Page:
The Knicks should refuse to move 23-year-old emerging guard

New York Knicks guard Miles McBride (2) takes a three point shot in the first quarter against the Brooklyn Nets at Madison Square Garden
Credit: Wendell Cruz-USA TODAY Sports

If the New York Knicks hope to retain Isaiah Hartenstein and build one of the NBA’s strongest rosters, they will need to manage their salary cap carefully. Currently, they have committed $172 million towards salary, just below the first apron limit of $178 million. To secure enough financial flexibility, the Knicks aim to reach the second apron at $189.5 million, which would allow them to extend Hartenstein effectively.

Protecting Key Young Talent: The Case for Miles McBride

While there is talk of offloading depth to free up space, one player the Knicks should firmly keep is 23-year-old guard Miles McBride. Despite suggestions to include him in the Mikal Bridges trade for an additional $4.7 million in salary space relief, McBride’s performance last season justifies retaining him.

Last season, McBride averaged 8.3 points, shooting 45.2% from the field and 41% from three, across 68 games, proving his value as a reliable backup and potential starter in case of injuries.

May 19, 2024; New York, New York, USA; New York Knicks guard Miles McBride (2) drives to the basket against Indiana Pacers guard T.J. McConnell (9) during the fourth quarter of game seven of the second round of the 2024 NBA playoffs at Madison Square Garden. Mandatory Credit: Brad Penner-USA TODAY Sports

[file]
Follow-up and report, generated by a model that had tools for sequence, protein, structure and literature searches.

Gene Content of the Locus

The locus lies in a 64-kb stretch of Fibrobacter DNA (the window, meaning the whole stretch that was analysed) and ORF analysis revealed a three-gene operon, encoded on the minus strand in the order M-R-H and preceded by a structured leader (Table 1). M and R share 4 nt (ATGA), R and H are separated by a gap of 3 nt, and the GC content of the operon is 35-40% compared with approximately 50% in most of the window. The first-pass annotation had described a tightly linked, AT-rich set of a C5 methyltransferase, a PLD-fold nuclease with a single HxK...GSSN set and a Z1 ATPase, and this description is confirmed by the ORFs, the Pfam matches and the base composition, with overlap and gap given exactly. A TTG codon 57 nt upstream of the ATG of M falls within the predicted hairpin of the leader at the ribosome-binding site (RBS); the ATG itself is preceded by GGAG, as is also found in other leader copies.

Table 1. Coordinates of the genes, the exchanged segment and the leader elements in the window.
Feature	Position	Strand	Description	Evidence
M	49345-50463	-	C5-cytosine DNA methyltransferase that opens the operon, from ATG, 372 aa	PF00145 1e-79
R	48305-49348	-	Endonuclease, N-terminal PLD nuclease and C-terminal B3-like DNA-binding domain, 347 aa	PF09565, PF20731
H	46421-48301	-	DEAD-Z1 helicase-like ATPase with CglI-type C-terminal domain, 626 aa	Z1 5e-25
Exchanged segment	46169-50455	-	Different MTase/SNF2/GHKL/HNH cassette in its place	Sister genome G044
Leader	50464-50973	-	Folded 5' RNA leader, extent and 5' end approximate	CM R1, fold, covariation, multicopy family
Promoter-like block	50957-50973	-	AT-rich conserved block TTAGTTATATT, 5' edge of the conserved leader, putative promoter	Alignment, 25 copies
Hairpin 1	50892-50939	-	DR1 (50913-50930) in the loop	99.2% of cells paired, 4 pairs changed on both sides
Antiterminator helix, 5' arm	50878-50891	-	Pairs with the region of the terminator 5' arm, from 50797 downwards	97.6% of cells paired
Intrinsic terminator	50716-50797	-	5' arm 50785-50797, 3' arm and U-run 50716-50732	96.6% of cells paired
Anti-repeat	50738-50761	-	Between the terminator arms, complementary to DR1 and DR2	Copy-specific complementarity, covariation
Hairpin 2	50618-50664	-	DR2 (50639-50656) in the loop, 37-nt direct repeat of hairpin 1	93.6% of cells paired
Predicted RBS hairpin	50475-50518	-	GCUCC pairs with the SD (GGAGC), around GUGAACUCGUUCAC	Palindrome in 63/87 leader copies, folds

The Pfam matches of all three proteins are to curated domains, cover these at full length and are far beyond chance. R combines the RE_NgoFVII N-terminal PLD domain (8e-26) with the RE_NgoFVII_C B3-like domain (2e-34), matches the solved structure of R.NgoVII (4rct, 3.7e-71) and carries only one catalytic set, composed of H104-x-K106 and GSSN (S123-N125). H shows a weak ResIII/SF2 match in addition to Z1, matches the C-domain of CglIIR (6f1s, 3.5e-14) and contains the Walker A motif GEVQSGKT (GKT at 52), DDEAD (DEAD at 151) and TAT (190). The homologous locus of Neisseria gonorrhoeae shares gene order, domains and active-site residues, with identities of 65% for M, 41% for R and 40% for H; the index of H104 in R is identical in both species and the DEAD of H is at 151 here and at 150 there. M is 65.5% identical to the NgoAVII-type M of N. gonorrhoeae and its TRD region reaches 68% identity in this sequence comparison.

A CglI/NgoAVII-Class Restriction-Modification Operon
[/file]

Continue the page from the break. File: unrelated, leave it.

Credit: Brad Penner-USA TODAY Sports

The Knicks are Working on Salary Moves

Ian Begley of SNY recently pointed out potential moves, including trading McBride or orchestrating sign-and-trade deals for Alec Burks or Precious Achiuwa. However, moving McBride could be a short-sighted decision given his rising trajectory and modest salary of $4.7 million for the 2024-25 season. His .572 effective field goal percentage last season highlights his growing efficiency, making him more valuable than just a salary-clearing piece.

Conversely, while trading Mitchell Robinson could save $14.3 million, the options for Burks and Achiuwa are less appealing. The Knicks declined Achiuwa’s qualifying offer, and there may be limited market interest in Burks as a significant addition.

Mar 31, 2024; New York, New York, USA; New York Knicks center Isaiah Hartenstein (55) shoots the ball while being defended by Oklahoma City Thunder forward Chet Holmgren (7) and Oklahoma City Thunder guard Aaron Wiggins (21) during the second quarter at Madison Square Garden. Mandatory Credit: John Jones-USA TODAY Sports
Credit: John Jones-USA TODAY Sports

Future Flexibility and Depth Preservation

Fred Katz of The Athletic noted that while McBride was discussed as part of the Bridges deal, the Knicks recognize his value and are reluctant to part with him merely as a financial adjustment. This cautious approach underlines the Knicks’ intent to maintain depth while also managing their cap strategically.

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